The US-based search engine now faces a logistical nightmare in how to deal with the predicted flood of demands and says it will need a multi-lingual ‘army of removal experts’ in each of the 28 EU member states.

Even that, though, may prove a mission impossible, because the idiot ECJ’s criteria of what is ‘no longer relevant’ to the public interest is hopelessly blurred, since it fails to define what is or isn’t ‘historic’.

Nonetheless, by its clunking fist, the court has granted itself editorial powers it has no right to wield, given the internet is a global resource and this ruling infringes the American constitution’s First Amendment, the freedom of expression.

And, to further complicate the farce, the ECJ decision doesn’t apply to Facebook comments or Twitter posts.

So, in essences, the learned jurists have not only made an ass of the law – and themselves – but cooked up a crooks’ charter, whereby every miscreant from the west of Ireland to the Black Sea is empowered to act as their own cyberspace censor.

Conmen, rogue traders and motley scumbags must think the verdict is better than a ‘get out of jail free’ card, because they can rewrite their histories with complete alacrity.

EURO INJUSTICE: The ECJ's internet ban ruling is glad tiding for those who want to hide the truth

EURO INJUSTICE: The ECJ’s internet ban ruling does liberty no favours – but favours the notion that censorship rules in the EU

Ditto the rich and famous, who want their private lives – however seedy and corrupt – out of the public eye. Some already do this by employing expensive PR firms to sanitise their Wikipedia references to appear like insipid autobiographies.

But anyone, other than the certifiably stupid, knows the internet is a mixed bag of knowledge and nonsense, parts of it vital to the passage of information, science and learning; other, darker zones inflammatory, distorted and gratuitously pornographic

However, attempts to police it in the heavy-handed way the ECJ have done are nothing short of Stalinesque – or Maoesque, in the case of China, where what Beijing users can browse is a fraction of that available to New Yorkers and, until last week, Europeans.

Meanwhile, by erring on the side of those who want their pasts hidden, the ECJ judges have added yet another layer of control and restraint to liberty that’s become synonymous with the increasingly autocratic European Union.

 

Paranoid Putin wants a Ukraine poodle – and the Kremlin bullyboy won’t stop there

FRENCH cynics have a phrase for progress. ‘Plus ça change, plus c’est la même chose’, they sneer, which roughly translates into, ‘The more it changes, the more the same old claptrap.’

So, for those who imagined the collapse of Soviet repression was an overture to genuine democracy in Russia, the straightjacket and funny farm awaits.

Granted, there was a brief flush of hope in the early 1990s, when, for all his boozy buffoonery, Boris Yeltsin wrested power from the fading, old Red Guard and promised liberal reforms.

Fast forward to New Year’s Eve, 1999, when a 47-year-old ex-KGB officer and political rookie called Vladimir Vladimirovich Putin suddenly emerged as Russia’s new boss and the truth dawned on realists that progress, Kremlin-style, was a transient mirage…the leopard merely reshuffling its spots.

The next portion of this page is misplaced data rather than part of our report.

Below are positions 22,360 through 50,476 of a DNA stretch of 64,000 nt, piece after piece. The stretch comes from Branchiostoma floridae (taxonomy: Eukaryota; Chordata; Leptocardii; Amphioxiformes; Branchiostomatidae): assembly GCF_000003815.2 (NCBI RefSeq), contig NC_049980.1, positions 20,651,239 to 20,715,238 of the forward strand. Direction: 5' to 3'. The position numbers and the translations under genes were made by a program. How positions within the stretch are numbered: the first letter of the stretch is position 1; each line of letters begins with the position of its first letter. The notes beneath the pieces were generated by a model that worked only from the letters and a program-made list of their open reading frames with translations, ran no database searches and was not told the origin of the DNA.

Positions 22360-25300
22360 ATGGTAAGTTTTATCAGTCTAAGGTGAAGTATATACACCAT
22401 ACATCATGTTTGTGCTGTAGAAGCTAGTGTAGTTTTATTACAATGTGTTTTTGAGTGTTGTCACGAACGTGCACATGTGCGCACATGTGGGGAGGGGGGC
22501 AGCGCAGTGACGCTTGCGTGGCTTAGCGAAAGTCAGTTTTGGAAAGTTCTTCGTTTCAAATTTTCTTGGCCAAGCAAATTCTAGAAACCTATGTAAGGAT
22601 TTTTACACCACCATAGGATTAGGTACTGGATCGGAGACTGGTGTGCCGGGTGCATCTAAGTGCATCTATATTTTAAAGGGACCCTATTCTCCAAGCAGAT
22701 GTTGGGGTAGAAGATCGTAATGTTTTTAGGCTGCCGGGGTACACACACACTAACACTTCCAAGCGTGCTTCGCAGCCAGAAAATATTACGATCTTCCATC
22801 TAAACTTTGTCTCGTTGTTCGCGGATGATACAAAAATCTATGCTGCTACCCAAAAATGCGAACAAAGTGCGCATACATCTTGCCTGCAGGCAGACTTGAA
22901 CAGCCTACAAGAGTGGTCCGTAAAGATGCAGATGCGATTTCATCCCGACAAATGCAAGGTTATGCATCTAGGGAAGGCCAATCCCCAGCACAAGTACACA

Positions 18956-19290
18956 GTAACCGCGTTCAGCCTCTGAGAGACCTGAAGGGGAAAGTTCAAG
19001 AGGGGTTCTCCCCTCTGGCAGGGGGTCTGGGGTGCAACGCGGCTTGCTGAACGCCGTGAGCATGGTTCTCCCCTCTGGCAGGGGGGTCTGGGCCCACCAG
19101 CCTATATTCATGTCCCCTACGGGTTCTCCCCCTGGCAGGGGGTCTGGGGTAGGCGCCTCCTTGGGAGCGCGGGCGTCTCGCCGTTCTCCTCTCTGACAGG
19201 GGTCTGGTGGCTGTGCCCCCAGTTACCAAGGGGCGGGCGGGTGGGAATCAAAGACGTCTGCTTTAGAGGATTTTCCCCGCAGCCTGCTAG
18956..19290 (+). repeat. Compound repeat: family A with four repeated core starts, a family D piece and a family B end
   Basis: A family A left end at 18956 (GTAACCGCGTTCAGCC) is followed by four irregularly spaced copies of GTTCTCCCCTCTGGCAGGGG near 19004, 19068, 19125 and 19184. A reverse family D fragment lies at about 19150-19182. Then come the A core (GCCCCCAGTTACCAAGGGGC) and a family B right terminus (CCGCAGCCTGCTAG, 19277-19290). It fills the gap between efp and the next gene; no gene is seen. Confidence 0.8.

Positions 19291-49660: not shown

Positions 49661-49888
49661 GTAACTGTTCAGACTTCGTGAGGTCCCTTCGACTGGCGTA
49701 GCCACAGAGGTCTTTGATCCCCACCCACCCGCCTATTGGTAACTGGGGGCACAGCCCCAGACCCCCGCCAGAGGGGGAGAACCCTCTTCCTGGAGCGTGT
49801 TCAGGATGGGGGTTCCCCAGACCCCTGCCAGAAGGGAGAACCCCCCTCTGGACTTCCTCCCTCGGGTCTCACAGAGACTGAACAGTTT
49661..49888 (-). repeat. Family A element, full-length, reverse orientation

In the decade-and-a-half since, even the last pipe-dreamer can no longer doubt Putin’s take on democracy is whatever he says it is and Siberia welcomes dissenters.

Because, after centuries of unrelenting brainwashing, like Pavlov’s dogs, Russia’s masses are conditioned to respecting a strongman, who fans their raging national pride, not to say endemic paranoia.

Western statesmen appear to have overlooked this glaring trait. Or, in the case of that most malleable of US President, Barack Obama, they’ve lulled themselves into the misguided belief Russians are just as much residents of the global village as everyone else, therefore abide by the same norms.

They don’t. And the code Putin applies – recently slammed as ‘19th Century rules’ by American Secretary of State, John Kerry – is little changed from the policies of Ivan the Terrible, Lenin and Stalin.

In a nutshell Moscow believes might is right and actions speak louder than words.

WINK LINK: Kremlin-watchers believe Putin had a cunning plan to draw the West into the Ukraine rumpus

WATCH MY WINK: Kremlin-watchers believe Putin had a cunning plan to draw the West into the Ukraine rumpus

So, following his diplomatic coups in mesmerising Obama into imagining Iran’s devious mullahs were peace-seeking pussycats and Syrian butcher, Bashar Assad, was really a much- maligned nice guy, poker-faced Putin has scooped the ultimate jackpot over Ukraine.

Of course, it could have been mere coincidence weeks ago that goons, in green uniforms minus military flashes and brandishing hardware far more lethal than anything the local militia toted, suddenly turned up, en masse, and land-grabbed the Crimean peninsula.

And, just perhaps, the insurrection by Ukraine’s 17% ethnic Russians in the east was simply a spontaneous poke in the eye to the interim Kiev regime that had booted out pro-Moscow brigand, Viktor Yanukovych.

But when Putin branded the upstarts a ‘fascist junta’ eager to cosy up to the European Union, the mantra fell on willing ears, since it rang with poignant echoes of WW2, when too many western Ukrainians queued up to join Hitler’s SS.

Which is why the West-backed presidential election in a week’s time will be a waste of polling paper. However transparent, Russia has already trashed the outcome by blessing last Sunday’s ‘plebiscite’ in Donetsk, where a massive 89% voted to split from Kiev and demand self-rule.